Louise Bonnet

Selected Works

The Pond

2018
oil on linen
244 x 203 cm.; 96 x 79 7/8 in.
Photo: Lee Tyler Thompson

“The earlier works played more nicely, contained stronger hints of illustrative qualities with nods to the likes of Guston or Saul. More recently, the paintings have begun to take on a much more muscular, minimal quality. The figures look more strained and uncomfortable, the limbs more contorted, the settings sparser and more starkly lit like the post-punk odes to Goya’s ‘Saturn Devouring His Son’. Or maybe some creature that Odysseus had to wage war with on that long and perilous road back to Ithaca.”


A. Nelson, ‘Exquisite Agonies: The Art of Louise Bonnet’, in Louise Bonnet, exh. cat., Los Angeles: Nino Mier Gallery, 2018, n.p.

The Finger

2018
oil on linen
244 x 203 cm.; 96 x 79 7/8 in.
Photo: Lee Tyler Thompson

“Bonnet started to use oils only recently, in 2014, and the medium turned out to be the perfect way to attain plasticity. Her painted figures possess solidity and stillness. They are abstract in the sense that they become placeholders for forces that play out across the canvas as a whole. The shades and folds of skin in The Finger, or the tears or waving hair in The Rock, were resolved in such a subtle and beautiful way that they resembled the lovingly described surfaces of objects in a classical still life. As a result, the sensations of discomfort, disproportion, imbalance, or pressure were transformed into something paradoxically celebratory. Bonnet’s paintings are weird in a serious and monumental way.”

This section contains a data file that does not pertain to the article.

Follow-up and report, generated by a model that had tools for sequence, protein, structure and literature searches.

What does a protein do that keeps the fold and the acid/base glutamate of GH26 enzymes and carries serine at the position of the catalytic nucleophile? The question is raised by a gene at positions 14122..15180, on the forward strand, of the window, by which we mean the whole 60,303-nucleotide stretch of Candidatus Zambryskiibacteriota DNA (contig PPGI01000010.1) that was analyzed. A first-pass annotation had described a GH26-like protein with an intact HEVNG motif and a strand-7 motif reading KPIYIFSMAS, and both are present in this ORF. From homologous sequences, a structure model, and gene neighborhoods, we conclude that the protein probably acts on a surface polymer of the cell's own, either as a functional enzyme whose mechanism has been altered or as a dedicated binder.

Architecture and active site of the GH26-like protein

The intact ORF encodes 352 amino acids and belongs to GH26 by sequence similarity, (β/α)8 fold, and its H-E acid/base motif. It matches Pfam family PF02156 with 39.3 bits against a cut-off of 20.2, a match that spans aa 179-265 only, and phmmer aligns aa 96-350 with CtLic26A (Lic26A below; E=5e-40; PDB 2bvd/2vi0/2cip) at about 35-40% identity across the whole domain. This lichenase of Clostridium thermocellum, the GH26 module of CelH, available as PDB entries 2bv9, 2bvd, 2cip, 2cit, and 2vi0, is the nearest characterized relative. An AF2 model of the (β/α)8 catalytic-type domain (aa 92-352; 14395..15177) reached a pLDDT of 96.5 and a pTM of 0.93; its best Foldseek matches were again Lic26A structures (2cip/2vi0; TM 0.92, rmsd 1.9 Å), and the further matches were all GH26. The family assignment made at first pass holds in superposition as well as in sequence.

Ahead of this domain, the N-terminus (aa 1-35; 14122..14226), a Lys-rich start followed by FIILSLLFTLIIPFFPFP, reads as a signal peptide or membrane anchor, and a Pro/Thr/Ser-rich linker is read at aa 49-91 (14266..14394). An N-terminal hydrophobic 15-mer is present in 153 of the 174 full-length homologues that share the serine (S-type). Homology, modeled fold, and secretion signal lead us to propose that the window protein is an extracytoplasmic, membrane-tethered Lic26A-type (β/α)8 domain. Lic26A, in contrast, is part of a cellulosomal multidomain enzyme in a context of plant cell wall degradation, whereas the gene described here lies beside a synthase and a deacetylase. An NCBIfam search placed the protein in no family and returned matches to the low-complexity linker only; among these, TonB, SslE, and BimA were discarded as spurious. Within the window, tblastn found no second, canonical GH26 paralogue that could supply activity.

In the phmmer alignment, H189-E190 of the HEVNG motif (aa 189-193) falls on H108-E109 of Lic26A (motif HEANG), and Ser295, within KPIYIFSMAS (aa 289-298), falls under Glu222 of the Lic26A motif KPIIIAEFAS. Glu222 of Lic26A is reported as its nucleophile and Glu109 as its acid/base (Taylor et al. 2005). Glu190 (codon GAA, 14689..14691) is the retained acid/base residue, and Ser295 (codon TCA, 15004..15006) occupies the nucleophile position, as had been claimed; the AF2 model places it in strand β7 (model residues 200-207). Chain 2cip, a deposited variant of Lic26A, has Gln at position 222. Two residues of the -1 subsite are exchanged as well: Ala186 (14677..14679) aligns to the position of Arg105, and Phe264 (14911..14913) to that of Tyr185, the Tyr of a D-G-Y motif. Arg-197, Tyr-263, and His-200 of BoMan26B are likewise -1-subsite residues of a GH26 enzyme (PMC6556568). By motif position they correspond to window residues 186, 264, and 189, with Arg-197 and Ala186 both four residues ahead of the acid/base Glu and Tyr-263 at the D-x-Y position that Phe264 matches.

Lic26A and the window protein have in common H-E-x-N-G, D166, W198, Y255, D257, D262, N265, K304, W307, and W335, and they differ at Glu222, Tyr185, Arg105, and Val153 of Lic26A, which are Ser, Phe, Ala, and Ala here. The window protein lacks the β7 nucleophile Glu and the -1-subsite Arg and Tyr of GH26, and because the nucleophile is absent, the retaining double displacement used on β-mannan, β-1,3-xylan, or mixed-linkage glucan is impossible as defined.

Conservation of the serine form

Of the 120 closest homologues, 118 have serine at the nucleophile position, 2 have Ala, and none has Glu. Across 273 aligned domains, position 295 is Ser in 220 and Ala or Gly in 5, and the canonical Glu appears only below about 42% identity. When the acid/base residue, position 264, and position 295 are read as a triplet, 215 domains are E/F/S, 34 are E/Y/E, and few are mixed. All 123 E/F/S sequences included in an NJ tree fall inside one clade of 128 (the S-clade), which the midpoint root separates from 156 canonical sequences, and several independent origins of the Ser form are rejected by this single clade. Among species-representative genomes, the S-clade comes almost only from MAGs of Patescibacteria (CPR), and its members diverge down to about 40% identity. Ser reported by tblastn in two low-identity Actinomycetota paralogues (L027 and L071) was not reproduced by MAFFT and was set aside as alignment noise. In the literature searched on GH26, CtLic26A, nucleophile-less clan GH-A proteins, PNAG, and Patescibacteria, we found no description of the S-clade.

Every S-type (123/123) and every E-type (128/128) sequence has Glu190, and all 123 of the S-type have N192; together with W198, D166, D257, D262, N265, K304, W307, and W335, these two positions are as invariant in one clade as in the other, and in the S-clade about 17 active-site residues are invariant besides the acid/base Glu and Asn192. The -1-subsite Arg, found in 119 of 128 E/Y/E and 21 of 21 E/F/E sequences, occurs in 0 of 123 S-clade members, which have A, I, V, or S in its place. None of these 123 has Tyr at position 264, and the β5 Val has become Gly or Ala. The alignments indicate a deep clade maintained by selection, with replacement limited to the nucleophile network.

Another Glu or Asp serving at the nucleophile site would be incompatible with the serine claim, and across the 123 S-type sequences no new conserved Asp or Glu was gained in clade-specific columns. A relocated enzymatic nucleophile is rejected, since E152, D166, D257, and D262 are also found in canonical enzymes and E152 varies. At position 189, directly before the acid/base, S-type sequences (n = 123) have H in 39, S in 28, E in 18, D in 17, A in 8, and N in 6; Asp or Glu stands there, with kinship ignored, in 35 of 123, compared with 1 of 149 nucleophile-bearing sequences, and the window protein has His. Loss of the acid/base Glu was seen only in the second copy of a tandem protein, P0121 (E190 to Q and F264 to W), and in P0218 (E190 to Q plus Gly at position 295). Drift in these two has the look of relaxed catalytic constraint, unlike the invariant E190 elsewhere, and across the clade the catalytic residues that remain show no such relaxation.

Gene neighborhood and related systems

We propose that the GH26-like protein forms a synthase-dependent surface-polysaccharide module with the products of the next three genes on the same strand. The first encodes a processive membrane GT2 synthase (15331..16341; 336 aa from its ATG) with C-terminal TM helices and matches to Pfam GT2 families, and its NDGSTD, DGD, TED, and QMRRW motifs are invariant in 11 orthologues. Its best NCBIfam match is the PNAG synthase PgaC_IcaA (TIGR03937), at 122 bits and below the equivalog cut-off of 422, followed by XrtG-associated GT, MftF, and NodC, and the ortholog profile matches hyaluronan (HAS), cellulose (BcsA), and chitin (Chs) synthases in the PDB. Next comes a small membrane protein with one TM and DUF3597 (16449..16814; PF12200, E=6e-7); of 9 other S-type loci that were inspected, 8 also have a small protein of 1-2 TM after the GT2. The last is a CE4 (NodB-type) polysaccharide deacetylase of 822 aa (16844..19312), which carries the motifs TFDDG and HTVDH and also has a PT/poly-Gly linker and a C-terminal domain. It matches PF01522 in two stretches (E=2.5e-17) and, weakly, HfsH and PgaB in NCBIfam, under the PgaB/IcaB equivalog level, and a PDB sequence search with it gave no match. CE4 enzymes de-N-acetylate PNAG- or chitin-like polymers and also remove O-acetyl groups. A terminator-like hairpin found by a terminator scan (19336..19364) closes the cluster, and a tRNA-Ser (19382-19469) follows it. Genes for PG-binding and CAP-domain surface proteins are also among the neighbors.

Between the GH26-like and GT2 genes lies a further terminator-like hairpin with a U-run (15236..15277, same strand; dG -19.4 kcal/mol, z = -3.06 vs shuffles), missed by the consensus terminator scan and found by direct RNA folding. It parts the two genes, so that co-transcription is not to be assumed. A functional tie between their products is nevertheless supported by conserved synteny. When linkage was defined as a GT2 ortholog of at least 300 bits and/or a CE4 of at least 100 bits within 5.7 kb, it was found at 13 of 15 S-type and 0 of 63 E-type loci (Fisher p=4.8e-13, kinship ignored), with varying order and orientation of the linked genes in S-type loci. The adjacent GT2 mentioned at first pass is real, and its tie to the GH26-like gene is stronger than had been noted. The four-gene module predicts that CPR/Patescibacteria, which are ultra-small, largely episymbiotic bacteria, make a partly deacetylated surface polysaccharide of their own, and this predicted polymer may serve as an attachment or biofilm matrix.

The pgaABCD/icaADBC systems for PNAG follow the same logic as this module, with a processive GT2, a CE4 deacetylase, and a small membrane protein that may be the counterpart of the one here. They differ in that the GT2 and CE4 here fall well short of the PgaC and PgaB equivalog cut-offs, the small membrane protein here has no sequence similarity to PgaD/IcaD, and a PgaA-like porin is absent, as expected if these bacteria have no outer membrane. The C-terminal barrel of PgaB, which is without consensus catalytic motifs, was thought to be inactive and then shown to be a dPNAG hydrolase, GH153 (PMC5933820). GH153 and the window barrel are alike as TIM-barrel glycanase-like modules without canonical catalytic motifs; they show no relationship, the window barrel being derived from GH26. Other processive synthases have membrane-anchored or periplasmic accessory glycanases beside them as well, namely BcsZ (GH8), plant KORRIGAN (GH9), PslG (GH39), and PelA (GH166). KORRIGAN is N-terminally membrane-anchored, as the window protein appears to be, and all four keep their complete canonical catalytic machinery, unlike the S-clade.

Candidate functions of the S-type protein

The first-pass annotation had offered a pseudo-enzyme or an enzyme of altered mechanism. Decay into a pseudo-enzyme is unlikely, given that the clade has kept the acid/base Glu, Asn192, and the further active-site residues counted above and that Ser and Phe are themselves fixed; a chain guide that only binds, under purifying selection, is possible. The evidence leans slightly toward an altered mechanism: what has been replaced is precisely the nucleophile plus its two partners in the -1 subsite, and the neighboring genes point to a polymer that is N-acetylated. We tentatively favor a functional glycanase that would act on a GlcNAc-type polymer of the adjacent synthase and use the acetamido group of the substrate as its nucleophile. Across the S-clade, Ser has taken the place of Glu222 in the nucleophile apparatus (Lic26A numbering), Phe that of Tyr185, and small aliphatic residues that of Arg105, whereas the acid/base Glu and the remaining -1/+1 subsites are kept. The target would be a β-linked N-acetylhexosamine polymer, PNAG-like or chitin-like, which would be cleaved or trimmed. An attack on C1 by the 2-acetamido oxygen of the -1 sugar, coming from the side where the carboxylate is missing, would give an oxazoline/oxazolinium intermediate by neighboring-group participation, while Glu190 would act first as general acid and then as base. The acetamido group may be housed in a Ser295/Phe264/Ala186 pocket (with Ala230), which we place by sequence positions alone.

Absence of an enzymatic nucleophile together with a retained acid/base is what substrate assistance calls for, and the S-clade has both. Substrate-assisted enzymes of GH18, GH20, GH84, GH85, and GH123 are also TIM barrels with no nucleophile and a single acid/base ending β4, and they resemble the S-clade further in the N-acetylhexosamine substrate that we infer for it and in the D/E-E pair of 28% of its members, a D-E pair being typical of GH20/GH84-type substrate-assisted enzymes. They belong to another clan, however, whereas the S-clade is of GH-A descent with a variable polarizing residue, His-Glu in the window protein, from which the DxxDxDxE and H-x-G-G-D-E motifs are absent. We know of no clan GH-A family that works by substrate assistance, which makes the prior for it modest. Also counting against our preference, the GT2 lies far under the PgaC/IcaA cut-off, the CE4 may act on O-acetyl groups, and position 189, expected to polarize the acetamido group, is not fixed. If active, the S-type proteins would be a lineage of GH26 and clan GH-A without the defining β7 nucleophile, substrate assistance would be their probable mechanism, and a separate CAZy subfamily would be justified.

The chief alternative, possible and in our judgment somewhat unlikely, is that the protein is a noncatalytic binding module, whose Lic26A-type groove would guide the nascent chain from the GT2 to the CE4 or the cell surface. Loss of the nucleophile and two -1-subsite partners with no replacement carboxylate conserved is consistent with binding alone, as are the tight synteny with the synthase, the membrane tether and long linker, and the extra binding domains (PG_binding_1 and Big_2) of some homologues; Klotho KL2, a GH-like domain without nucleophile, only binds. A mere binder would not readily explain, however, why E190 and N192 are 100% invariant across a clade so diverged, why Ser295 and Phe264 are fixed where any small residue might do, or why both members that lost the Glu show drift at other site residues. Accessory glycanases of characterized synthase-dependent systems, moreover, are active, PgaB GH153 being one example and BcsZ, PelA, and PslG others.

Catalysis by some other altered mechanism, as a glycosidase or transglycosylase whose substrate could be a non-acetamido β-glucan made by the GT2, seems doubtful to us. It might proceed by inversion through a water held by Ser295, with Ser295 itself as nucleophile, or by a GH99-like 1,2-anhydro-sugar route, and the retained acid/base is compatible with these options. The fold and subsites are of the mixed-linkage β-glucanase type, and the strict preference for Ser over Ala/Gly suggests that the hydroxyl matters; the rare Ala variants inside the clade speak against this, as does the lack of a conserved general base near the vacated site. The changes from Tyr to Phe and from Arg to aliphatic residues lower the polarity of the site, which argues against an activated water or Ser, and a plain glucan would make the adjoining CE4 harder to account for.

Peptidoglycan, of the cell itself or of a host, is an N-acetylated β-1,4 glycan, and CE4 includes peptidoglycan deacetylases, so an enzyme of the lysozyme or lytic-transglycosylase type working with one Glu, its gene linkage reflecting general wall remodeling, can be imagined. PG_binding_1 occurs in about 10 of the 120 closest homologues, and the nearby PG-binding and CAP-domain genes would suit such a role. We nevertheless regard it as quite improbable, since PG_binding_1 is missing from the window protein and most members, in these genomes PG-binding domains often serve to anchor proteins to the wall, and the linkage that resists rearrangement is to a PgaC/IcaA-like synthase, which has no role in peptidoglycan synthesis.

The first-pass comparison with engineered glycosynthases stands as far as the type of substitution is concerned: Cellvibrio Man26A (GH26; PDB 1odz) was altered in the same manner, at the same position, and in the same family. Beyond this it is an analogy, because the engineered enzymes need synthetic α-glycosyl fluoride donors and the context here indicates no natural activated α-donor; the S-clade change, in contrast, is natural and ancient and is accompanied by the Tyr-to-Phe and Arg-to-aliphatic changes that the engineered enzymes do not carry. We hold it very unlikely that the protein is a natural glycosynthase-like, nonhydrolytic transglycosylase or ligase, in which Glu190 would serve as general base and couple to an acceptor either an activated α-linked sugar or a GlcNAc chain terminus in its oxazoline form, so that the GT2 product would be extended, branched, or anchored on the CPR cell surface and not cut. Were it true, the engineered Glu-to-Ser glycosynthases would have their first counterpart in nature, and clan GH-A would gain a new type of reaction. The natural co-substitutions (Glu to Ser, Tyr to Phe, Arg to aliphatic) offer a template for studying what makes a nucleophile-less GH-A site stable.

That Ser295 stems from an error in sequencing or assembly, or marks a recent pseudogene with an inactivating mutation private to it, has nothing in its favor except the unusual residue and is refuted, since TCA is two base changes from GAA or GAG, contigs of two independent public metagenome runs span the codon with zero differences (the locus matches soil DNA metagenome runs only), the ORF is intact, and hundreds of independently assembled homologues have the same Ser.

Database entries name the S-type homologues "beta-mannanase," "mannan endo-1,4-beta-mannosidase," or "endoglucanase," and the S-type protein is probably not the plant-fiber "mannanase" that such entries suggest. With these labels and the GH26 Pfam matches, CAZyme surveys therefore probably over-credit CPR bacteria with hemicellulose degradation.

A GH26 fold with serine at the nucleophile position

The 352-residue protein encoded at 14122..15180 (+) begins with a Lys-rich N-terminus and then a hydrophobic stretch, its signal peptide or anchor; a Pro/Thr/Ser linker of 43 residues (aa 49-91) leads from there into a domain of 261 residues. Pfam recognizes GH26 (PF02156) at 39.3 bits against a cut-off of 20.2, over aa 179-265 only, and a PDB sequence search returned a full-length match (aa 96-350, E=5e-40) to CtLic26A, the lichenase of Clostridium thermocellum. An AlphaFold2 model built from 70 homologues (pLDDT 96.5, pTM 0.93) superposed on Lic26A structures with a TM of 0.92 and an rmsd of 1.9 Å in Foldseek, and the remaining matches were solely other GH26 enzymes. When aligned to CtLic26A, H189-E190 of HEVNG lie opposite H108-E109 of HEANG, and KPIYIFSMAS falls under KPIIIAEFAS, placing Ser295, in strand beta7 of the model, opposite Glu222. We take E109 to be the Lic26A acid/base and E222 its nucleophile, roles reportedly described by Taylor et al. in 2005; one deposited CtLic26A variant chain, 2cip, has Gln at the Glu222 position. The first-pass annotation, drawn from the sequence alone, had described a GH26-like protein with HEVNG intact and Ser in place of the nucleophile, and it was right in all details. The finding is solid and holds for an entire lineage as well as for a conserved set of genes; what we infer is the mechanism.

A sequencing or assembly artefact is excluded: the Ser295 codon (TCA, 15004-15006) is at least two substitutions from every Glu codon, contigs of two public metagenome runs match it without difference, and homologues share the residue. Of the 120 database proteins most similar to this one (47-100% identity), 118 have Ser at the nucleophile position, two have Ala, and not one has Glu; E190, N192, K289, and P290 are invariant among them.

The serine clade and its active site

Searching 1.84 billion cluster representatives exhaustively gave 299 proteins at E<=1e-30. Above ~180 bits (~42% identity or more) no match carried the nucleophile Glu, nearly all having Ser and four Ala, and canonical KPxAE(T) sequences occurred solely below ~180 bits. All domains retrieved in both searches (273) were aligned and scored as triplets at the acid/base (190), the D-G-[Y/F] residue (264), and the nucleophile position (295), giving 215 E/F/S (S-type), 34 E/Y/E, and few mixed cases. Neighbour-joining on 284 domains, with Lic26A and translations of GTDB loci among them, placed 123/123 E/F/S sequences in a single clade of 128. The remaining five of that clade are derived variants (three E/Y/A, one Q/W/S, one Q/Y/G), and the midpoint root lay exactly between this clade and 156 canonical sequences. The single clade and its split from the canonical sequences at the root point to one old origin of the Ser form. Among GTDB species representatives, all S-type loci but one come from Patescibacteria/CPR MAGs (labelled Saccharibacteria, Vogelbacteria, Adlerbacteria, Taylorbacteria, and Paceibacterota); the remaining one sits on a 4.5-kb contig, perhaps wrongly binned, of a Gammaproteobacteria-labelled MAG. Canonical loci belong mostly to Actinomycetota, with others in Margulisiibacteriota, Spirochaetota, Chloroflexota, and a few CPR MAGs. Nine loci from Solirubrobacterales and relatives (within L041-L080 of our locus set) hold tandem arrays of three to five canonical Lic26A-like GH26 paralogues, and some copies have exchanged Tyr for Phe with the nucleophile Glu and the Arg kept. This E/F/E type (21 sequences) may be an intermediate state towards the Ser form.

J. Benschop, ‘Review of Louise Bonnet’, in Artforum, vol. 57, no. 6, February 2019

The Tube Socks

2016
oil on linen
101.6 x 76.2 cm.; 40 x 30 in.
Photo: Lee Tyler Thompson

"Bonnet’s is a world of pulsing, sometimes even grotesque exaggerations, where beings inhabit traits that fluctuate in a kind of gender-blended state. Often alone, sometimes with a counter-point, usually occupying the lion’s share of the composition, almost jammed within the framework of the canvas, with appendages acting more like geysers of feeling, manifesting from deep within. Think more beings functioning as psycho-emotional allegories wherein the inner agonies of plight emerge, baring themselves shamelessly for all the world to ponder."

A. Nelson, ‘Exquisite Agonies: The Art of Louise Bonnet’, in Louise Bonnet, exh. cat., Los Angeles: Nino Mier Gallery, 2018, n.p.